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  Reply # 1533025 14-Apr-2016 13:38
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Just received:

 

 

A team of specialist submarine cable experts have successfully laid the first section of the Tasman Global Access (TGA) undersea cable in Raglan.

The cable laying activities at Ngarunui Beach were completed on Friday 8 April.

Telecommunications companies Spark, Vodafone and Telstra are investing approximately USD $70 million to build the TGA cable, which will significantly improve New Zealand’s international broadband connectivity.

Vodafone’s Wholesale Director, Steve Rieger said the 25 strong beach landing project team took one week to bury the three kilometre stretch of heavily armoured cable, which weighs roughly 22 tonnes.

“The team began by pulling the cable ashore from the specialised ship, the MV Tranquil Image. They then stripped a section of the steel armour back to uncover the four fibres inside, which are connected to the terminal station in Raglan and will be connected to Vodafone’s AquaLink cable.  This cable already lands at the edge of Ngarunui Beach and will now also be used to carry TGA traffic to two locations in Auckland – one on the Spark network, and the other on Vodafone’s.

“The team then excavated roughly 5000 square metres of sand and hard clay to bury the cable to a depth of about three metres beneath the sand. During this process, an articulated protective pipe weighing more than 16 kilograms per metre was applied to the cable for extra protection. The remaining stretch of cable was buried to a depth of roughly one metre out into the ocean,” said Steve.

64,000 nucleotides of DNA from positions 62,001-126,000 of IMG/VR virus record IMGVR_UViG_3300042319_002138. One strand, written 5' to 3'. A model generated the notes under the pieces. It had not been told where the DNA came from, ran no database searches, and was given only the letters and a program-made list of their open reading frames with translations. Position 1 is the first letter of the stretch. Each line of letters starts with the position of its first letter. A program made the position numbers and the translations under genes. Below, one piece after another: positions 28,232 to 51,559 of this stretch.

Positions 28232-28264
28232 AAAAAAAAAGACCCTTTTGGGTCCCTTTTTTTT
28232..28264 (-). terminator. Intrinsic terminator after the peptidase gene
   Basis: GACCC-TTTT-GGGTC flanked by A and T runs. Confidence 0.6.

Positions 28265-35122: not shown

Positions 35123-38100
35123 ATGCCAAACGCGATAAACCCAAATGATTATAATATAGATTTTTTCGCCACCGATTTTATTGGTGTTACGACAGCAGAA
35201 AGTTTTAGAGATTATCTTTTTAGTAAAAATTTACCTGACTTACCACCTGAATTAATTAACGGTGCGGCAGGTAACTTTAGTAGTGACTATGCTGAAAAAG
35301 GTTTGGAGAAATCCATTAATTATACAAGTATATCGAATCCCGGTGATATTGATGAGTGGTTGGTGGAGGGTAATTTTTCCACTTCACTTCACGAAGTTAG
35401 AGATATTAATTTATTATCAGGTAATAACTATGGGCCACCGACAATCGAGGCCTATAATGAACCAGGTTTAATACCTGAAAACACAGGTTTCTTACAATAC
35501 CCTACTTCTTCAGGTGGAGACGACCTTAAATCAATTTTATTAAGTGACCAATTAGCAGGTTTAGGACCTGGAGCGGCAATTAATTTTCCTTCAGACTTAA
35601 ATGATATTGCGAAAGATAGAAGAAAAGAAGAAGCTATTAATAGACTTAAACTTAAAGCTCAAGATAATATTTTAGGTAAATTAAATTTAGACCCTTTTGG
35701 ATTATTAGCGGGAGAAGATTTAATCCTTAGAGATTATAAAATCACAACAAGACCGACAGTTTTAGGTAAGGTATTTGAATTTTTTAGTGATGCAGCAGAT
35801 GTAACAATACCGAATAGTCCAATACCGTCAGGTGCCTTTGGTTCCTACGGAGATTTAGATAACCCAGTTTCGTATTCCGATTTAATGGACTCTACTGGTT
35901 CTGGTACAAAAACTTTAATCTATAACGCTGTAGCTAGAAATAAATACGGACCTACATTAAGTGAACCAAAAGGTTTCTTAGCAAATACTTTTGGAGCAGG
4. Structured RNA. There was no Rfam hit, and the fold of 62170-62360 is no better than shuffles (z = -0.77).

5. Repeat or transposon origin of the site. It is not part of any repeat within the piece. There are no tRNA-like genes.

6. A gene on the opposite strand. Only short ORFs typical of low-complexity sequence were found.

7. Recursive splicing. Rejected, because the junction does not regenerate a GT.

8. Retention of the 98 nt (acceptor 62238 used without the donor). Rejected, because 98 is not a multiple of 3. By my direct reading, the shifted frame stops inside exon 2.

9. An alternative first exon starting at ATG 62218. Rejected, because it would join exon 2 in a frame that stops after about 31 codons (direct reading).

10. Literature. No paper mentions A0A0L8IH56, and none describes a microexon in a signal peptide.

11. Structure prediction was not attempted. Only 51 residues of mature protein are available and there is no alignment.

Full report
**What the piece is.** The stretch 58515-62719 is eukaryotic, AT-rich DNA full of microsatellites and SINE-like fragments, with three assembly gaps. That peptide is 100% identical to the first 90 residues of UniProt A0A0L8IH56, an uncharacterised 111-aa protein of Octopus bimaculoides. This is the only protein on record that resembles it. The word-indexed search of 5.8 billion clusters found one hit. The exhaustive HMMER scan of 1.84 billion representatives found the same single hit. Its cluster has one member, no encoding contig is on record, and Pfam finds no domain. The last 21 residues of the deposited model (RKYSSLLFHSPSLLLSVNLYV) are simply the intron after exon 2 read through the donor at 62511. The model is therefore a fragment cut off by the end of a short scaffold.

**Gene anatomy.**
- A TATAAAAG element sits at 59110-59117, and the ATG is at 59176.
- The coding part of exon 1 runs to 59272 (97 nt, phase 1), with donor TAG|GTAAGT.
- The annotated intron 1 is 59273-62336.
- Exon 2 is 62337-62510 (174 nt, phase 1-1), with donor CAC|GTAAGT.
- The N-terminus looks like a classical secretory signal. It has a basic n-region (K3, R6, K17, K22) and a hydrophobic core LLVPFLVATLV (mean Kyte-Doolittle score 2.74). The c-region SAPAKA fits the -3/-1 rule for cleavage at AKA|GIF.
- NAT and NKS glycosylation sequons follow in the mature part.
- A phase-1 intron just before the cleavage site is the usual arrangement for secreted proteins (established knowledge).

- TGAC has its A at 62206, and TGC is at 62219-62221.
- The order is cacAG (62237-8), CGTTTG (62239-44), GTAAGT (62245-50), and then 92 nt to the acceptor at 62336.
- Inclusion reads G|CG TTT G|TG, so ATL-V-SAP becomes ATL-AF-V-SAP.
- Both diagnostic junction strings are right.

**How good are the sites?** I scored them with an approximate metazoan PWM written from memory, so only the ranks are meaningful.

Once it is in service the benefits of the TGA cable will include strengthened links into fast-growing Asian markets, important redundancy and resiliency, and better connection with the five main international cable systems currently serving Australia.

Spark’s General Manager Wholesale and International, Lindsay Cowley said, “During the course of the Raglan shore-end cable lay experts from as far away as Greece worked alongside excavators and builders from the local Raglan community. Together they have successfully completed the first phase of this important engineering project.

“The TGA project team collaborated with local Iwi, council and other groups to ensure this activity had no lasting impact on the environment, and we wish to once again thank the Raglan community for their support and understanding throughout the duration of the works,” said Lindsay.

The work in Raglan marks a significant milestone on the journey to having the TGA cable ready to start carrying data across the Tasman towards the end of 2016.

The TGA cable project is currently on track to be completed, tested and ready for service by the end of 2016. The 2,300km length of cable is comprised of two fibre pairs, and will have a total capacity of 20 terabits per second.

 





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  Reply # 1533100 14-Apr-2016 16:14
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Woo! TGA and Hawaiki soon to be completed. I think there might be some interesting competition for bandwidth in NZ soon. :)


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  Reply # 1533108 14-Apr-2016 16:41
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Am I missing something here?

My understanding was that Southern Cross were keeping ahead of capacity requirements, so there is no need for a new cable from a capacity perspective.

 

I also understand Southern Cross have quite a bit of resiliency built into their network, so there is no need for this cable from a redundancy perspective.

 

Finally, with unlimited residential plans now being a reality and international bandwidth not being the major cost for ISP's that it used to be, the need for this from a competition perspective is minimal.

 

 

 

Are these understandings correct?


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  Reply # 1533129 14-Apr-2016 17:18
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Submarine cable comes ashore at Raglan

 

Herald article 


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  Reply # 1533134 14-Apr-2016 17:35
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ghettomaster:

 

<snip>  I also understand Southern Cross have quite a bit of resiliency built into their network, so there is no need for this cable from a redundancy perspective.  <snip>

 

 

"A bit of redundancy" is not enough.

 

Our country lives on the end of a cable.

 

I use "triple redundancy" in my SOHO office - the country needs the same.  smile